Some students may start businesses straight out of high school as well. But either way, the goal is to cultivate students’ entrepreneurial spirit, so they’ll eventually spur economic development in Endicott.

Town officials are taking these students seriously.

“Those ones that catch the entrepreneur spirit — those are the ones who will take off and help our community,” says Joseph Moody, the director of economic development for the township of Union, where the village of Endicott is located.

Despite the focus on business, a school day at Tiger Ventures isn’t vastly different from that of another high school. Classes in the morning focus on traditional subjects, like English and math. Afternoon classes are more specialized. They focus on subjects like art and technology. Students graduate with the same well-rounded knowledge as other New York high schoolers.

It’s in the day’s final period that entrepreneurship gets special attention. In this period, students work on their own business plans, while learning from local entrepreneurs.

The learning experiences can be wide-ranging. Last year, for instance, students worked hands-on with a hydroponic-agriculture business. On other days, they took part in workshops from a visiting artist.

Cardell says that this model is particularly helpful for struggling students. “There’s a lot of ownership for the kids and opportunity for them to have a voice in [their education],” she says.

[quote position="full" is_quote="true"]I don’t know that kids get that opportunity, or have that kind of voice, in traditional schools.[/quote]

It’s only in its second year of operations, but Tiger Ventures has seen some significant results. In one case, students took part in a public relations campaign for a mental health nonprofit. The students filmed an organizational event, interviewed staff, and edited together a promotional video.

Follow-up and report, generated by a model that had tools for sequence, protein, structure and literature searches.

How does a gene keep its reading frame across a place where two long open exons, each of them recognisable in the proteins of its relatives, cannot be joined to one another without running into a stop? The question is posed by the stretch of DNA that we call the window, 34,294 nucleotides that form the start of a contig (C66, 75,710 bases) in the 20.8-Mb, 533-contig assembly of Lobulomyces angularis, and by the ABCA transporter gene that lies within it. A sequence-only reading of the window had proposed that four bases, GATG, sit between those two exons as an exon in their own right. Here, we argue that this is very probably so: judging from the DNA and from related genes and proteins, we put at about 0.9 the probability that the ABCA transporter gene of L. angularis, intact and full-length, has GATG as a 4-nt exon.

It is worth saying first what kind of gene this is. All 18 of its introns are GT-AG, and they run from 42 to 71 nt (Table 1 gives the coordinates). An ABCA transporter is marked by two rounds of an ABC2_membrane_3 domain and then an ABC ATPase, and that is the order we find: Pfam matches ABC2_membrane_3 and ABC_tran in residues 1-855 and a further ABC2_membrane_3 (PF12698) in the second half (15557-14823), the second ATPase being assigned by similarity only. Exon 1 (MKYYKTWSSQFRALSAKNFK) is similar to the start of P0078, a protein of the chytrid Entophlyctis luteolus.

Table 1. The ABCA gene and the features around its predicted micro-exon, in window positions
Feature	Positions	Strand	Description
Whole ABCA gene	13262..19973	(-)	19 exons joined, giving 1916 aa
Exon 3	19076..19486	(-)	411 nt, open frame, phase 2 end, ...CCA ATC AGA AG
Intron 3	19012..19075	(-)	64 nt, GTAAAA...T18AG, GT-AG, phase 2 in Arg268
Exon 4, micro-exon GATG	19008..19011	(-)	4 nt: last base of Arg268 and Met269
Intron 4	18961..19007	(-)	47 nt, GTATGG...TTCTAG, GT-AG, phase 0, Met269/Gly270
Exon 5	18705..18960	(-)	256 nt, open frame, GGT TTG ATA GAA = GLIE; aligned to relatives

It was a boon for the organization. But perhaps most remarkable, Cardell says, is that two students who participated have selective mutism, an anxiety disorder in which children are unable to speak in some social situations.

“There they were in their Tiger Ventures shirts, standing behind the camera,” she says. “That was a real-world application for that project,” she says.

Some outsiders might be tempted to dismiss Tiger Ventures’ ambitions. The students are teens, after all. Is it really wise to place a community’s grand hopes on kids?

Moody, the economic developer, notes that the town is taking a handful of approaches to promote local business. Tiger Ventures is just one of many. But he says that it’s also shortsighted to discount young people.

“Bill Gates was a kid at one time,” he says.

He also notes that while major employers like IBM have moved out of town, there are plenty of reasons to be excited about the town’s future — and the potential of its youth to rebuild an economy in transition.

“People are getting past what we used to be,” he says. “I think this program is a great example of what we can be.”

All images provided by XQ.